Before the gold medal, boxer Meena Rani’s children – Shanvi, 7, and Atharv, 5, were bound to notice their mother’s swollen eye. But when the 32-year-old reached her home at Hisar’s Police Lines on Wednesday, she found herself lost in memories of her first senior National boxing title in 2008, which had brought her immense exhilaration.

Her sixth 60 kg title in the Fifth Elite Women National Boxing Championship with a split 3:2 verdict over Jaismine of Haryana, of Indian Railways had come after the eye injury in the quarters.

“All my senior national titles had come prior to my marriage and to return home with my sixth in the same category, which I dominated once, feels like a rebirth for me. My children are happy to see another medal going in the trophy cabinet, which they proudly show to their friends. That’s my biggest motivation,” shares Rani, while speaking with The Indian Express.

The swollen eye takes some shrugging. “Boxing mein agar maarte ho toh maar khate bhi ho (In boxing, if one punches then gets punched too). And like any mother, I don’t want my kids to see me getting hit,” she avers.

A native of Palval near Faridabad, the young Rani’s love for boxing began after national coach Anup Kumar spotted her at the school nationals, winning by RSC, and urging her to enroll at the SAI Centre at Hisar. Missing home back in 2006, Rani thought about quitting the sport. Two years later, as Vijender brought India its first Olympic medal, Rani would win first of her five national titles in 60 kg at Agra, continuing the streak till 2012.

Rani, who got married in 2011, would also reach the quarter-finals in the 64 kg at the world championships in China before losing to Mikhaela Mayer of USA. “It was a time when women’s boxing was not in Olympics and it was only post my marriage that three Olympic weights were finalised for 2012 Games. I missed the medal in 64 Kg in 2012 world championships narrowly and with the Federation too getting banned, I took a break from boxing,” remembers Rani.

In 2014, Rani would give birth to her daughter and it was not till 2016 that Rani made a return to boxing. Weighing 80 kg, she would train and win bronze at the next nationals in 75kg, losing to Kavita Goyat. A silver at the Seven Nations Cup in Serbia before a first round loss in World Championships in Kazakhstan, would be followed by birth of her son a year later – and another two-year break.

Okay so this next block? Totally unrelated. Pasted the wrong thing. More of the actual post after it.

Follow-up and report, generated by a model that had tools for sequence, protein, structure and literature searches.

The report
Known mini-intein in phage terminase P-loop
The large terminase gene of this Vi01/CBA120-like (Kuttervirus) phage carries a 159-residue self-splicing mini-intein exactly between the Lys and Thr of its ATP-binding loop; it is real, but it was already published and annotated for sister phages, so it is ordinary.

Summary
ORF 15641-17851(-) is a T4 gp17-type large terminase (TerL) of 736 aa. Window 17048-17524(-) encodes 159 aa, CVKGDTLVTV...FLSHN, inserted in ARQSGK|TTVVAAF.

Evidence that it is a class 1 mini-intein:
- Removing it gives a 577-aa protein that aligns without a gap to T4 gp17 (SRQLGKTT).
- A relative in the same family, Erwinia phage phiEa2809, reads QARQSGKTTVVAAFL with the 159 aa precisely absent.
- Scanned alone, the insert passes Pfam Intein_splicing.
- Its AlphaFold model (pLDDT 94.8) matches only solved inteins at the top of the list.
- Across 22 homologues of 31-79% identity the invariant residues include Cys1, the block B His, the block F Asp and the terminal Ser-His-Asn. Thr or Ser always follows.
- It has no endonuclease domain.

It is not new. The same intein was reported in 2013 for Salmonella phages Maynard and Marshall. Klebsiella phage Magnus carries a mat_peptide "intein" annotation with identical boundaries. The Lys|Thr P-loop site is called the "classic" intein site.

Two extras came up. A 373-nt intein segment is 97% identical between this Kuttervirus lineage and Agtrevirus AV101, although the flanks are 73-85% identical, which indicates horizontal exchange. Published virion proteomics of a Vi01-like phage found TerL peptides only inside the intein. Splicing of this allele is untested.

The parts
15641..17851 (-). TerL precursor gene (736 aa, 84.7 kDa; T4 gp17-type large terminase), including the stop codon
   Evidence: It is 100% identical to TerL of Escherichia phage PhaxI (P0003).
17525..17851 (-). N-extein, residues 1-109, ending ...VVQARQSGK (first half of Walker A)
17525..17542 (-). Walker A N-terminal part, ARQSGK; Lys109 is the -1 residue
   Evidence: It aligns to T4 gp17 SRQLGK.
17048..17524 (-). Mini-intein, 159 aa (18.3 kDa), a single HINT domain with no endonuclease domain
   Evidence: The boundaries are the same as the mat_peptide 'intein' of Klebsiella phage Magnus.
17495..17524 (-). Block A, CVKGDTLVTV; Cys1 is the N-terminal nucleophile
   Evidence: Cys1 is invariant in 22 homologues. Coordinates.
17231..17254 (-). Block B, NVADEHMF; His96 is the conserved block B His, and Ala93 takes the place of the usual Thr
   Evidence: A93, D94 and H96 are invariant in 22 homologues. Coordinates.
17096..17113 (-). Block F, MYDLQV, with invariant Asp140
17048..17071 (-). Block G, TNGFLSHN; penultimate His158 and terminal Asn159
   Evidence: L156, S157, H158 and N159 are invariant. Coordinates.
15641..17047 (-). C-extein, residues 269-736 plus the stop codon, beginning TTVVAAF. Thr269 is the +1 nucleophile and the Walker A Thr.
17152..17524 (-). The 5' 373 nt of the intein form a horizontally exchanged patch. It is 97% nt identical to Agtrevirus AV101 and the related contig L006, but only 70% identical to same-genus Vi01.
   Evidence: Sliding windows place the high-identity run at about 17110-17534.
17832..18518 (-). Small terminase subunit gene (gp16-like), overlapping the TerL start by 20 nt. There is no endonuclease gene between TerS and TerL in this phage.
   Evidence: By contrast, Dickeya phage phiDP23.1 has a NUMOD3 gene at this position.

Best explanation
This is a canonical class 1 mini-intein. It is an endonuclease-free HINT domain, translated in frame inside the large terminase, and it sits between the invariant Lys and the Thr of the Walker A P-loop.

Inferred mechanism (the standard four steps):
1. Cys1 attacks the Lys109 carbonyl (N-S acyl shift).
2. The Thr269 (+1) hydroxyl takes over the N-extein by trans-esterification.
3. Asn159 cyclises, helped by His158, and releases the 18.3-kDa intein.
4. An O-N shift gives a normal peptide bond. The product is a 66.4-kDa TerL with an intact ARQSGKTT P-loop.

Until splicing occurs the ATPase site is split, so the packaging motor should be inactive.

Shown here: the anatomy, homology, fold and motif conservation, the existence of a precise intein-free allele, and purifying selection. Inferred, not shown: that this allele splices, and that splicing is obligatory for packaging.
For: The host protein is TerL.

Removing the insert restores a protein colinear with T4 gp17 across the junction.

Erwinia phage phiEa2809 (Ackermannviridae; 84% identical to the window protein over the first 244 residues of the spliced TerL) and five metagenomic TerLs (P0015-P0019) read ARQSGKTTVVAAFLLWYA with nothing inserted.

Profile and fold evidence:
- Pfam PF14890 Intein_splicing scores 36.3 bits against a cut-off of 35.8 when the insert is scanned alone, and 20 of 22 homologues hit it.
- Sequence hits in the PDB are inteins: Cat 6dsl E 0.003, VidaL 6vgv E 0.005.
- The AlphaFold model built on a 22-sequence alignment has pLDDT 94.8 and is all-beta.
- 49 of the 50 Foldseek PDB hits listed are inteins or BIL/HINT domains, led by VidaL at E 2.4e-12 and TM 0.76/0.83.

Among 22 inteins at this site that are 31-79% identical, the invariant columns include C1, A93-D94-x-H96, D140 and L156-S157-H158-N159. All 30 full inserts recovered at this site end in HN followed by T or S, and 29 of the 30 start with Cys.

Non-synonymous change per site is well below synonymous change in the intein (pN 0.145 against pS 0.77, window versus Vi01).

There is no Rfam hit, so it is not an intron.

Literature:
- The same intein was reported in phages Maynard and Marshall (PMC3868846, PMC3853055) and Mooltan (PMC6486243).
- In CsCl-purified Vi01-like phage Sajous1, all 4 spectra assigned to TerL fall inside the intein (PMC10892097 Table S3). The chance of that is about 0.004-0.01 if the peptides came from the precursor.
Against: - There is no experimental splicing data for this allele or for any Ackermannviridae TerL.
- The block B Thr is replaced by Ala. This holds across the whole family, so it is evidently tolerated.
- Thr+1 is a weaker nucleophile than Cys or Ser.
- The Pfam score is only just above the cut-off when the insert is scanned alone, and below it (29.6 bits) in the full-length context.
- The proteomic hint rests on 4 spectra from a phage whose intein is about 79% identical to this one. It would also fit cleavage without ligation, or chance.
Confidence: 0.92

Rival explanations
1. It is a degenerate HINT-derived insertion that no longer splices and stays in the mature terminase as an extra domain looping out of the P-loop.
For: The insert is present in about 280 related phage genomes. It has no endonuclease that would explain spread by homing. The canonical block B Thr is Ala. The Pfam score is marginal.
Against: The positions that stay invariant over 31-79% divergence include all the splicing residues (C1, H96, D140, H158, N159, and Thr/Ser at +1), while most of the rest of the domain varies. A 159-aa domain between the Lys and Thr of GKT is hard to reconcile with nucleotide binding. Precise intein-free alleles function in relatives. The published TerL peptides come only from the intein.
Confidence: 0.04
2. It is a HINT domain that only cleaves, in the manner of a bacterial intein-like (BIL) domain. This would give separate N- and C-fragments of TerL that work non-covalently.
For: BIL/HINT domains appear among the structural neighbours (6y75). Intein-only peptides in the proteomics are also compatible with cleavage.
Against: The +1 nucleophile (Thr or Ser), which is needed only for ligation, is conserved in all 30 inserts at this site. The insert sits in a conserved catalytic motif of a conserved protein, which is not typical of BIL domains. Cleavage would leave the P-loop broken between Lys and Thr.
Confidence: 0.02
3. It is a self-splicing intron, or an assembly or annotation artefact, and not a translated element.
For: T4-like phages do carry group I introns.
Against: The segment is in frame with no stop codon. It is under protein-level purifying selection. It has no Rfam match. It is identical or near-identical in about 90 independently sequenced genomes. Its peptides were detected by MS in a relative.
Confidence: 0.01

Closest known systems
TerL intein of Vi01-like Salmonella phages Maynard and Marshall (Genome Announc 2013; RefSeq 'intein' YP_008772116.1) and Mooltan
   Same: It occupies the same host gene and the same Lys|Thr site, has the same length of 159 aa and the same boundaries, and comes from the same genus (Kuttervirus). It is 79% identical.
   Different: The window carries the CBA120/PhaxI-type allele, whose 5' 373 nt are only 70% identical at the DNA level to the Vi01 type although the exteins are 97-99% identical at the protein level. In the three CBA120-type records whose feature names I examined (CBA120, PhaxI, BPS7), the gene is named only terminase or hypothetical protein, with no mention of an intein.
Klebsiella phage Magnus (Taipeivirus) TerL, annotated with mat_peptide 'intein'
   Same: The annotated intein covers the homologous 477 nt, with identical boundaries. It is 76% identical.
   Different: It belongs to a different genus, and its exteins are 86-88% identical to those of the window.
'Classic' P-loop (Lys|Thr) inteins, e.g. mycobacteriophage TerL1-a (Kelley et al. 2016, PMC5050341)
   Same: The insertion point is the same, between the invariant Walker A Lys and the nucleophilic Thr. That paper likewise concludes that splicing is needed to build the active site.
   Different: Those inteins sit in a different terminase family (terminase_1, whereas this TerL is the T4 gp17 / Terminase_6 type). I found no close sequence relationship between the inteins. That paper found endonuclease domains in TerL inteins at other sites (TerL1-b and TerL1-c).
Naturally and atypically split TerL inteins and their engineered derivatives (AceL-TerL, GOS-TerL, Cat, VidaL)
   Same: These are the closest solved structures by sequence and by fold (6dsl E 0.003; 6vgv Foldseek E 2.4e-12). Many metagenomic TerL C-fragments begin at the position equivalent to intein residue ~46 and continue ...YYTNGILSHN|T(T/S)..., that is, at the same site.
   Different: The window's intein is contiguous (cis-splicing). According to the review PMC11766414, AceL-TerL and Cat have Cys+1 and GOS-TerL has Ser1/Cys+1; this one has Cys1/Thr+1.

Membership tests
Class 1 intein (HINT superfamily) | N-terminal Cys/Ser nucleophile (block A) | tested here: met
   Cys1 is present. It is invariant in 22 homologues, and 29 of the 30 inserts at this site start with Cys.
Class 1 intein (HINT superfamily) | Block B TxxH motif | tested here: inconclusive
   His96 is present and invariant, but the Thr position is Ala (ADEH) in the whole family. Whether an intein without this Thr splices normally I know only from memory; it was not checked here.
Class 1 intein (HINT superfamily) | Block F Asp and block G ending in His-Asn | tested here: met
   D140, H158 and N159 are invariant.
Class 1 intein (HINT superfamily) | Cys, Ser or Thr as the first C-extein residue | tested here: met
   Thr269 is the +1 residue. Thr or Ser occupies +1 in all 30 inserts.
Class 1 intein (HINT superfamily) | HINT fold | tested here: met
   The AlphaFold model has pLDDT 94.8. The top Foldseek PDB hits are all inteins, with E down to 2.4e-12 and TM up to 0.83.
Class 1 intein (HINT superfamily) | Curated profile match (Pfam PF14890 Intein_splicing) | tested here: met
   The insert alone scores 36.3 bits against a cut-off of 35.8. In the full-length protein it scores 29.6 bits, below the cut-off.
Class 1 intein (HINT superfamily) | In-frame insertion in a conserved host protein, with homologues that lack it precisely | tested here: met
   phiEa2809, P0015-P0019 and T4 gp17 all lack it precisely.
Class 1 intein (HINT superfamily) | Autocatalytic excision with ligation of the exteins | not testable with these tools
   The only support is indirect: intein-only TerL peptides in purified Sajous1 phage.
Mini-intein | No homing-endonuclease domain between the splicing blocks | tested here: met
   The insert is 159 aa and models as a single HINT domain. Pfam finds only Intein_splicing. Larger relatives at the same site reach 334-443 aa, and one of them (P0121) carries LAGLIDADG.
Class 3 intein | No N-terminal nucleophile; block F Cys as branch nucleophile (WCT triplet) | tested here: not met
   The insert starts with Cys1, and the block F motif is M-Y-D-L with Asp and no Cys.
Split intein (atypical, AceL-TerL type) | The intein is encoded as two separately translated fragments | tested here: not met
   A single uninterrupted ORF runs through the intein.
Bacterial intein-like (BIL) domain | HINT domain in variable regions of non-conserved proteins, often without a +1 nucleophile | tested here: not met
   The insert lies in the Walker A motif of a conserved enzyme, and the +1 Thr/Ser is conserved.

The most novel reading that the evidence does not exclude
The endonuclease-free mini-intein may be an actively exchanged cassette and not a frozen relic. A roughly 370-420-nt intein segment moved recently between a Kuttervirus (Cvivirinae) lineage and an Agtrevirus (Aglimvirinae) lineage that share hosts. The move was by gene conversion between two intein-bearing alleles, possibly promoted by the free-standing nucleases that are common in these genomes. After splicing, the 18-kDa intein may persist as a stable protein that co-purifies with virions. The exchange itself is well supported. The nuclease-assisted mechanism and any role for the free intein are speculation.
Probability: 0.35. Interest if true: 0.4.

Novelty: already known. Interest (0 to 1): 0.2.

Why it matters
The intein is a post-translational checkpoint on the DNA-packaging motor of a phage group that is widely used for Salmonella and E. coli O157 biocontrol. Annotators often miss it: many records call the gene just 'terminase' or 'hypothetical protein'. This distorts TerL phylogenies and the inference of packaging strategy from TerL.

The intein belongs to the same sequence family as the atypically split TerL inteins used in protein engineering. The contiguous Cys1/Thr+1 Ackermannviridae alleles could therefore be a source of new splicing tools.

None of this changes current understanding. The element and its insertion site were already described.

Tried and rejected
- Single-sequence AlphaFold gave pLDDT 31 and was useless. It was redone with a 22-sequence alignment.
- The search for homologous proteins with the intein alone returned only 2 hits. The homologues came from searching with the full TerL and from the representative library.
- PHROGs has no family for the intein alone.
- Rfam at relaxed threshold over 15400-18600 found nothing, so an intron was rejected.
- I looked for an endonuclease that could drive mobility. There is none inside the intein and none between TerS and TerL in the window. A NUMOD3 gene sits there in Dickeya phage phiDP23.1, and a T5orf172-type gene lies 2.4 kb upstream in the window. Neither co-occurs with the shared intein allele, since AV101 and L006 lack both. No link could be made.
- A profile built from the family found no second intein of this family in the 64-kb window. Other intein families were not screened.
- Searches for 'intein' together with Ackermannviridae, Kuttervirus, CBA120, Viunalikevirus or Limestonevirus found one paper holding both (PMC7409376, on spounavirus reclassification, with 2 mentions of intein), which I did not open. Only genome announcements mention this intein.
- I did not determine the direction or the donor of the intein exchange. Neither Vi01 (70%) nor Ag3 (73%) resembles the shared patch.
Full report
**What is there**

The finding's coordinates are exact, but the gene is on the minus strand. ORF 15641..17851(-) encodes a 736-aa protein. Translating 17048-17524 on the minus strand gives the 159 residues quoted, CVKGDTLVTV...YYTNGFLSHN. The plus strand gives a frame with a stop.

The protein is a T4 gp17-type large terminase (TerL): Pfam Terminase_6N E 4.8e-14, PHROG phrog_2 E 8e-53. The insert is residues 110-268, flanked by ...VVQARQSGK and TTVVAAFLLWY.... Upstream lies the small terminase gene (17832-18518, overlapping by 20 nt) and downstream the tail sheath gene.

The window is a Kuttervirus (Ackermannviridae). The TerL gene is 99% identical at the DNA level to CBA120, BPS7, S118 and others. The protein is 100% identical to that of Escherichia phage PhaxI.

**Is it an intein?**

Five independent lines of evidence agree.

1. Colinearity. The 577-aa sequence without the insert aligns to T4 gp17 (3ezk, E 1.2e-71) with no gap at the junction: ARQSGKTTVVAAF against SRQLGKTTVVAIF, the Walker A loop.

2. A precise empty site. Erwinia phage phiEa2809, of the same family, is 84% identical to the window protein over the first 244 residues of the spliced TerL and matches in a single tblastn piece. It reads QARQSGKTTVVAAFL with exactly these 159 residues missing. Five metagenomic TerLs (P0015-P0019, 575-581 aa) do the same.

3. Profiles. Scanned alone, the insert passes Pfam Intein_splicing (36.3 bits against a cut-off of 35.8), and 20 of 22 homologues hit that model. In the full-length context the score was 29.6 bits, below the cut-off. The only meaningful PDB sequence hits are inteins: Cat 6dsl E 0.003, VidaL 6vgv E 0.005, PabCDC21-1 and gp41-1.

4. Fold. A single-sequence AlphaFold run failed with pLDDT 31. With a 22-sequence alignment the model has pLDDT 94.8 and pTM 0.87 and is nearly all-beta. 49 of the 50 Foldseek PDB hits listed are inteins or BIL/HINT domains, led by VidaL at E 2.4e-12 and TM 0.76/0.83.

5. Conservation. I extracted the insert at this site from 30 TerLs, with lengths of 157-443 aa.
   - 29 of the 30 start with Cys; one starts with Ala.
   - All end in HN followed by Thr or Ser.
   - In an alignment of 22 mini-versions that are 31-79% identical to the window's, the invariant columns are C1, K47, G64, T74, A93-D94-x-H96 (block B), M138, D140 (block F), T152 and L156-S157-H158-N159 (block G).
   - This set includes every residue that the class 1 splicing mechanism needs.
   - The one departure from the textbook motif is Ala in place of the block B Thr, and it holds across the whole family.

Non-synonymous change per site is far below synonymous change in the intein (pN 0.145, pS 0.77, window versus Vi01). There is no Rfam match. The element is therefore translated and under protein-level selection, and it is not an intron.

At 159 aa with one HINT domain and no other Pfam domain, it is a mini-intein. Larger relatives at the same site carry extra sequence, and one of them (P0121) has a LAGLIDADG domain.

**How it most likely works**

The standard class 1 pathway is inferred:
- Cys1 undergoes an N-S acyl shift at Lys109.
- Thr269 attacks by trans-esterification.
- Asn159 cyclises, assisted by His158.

“When I got married, I did have thoughts of qualifying for London Olympics but then that’s life. Whatever happens in life happens for good. Post the birth of my daughter, I had gained a lot of weight. When I told my husband Manoj Kumar about making my return to boxing, he shifted to Hisar to take care of my daughter while I started training under coach Amit focusing on weight loss first. There were times, when I would take my daughter along or my husband would stay at home while I trained,” says Kumari.

Returning in 2019 with a silver in 69 kg, she would finish third behind Lovlina Borgohain and Lalita in the 69 kg trials for Tokyo Olympics qualifiers. “As women, we also understand our responsibilities but then I could not have made this comeback without the support of my husband and his parents. When I won the silver medal in 2019 nationals, Mary Kom didi came to meet me and said, “Arey, tum wapis aa gaya boxing main. Bahut acha hai,”. At 32 years of age, I know there is a pressure to prove myself constantly at this point of my career and there is no better inspiration for me than Mary didi. Whenever I feel low, I see her biopic or the recent Bollywood movie Panga, which almost resembles my comeback,” says Rani.

Rani will now be heading to the AIBA Women World Championship to be held in Turkey in December. Indian Railways boxing team’s head coach Sagar Mal Dhayal, who has seen Rani as a boxer since 2007 says her biggest strength has been her will power and a fighting attitude. “We had a 57-day training camp in Guwahati and she made sure that she did not skip her training even during her periods. The light-weight category needs strength and speed and she can even qualify for Paris 2024. Her right straight and left hook combination are as lethal as they were in 2008 and she still has many years of boxing left in her,” says Dhayal.

Rani embodies the message of persistence for other women. “If we can achieve this, then many more women can achieve the same and prove to the society that they need to support every single woman in achieving their dreams.”

Leading a simple life surrounded and loved by people, Rouble Nagi is a Mumbai based artist and social activist who strongly believes in changing the mindset of people with art and colors.

Nitin SharmaNitin Sharma is a Special Correspondent with The Indian Express, Chand… read more

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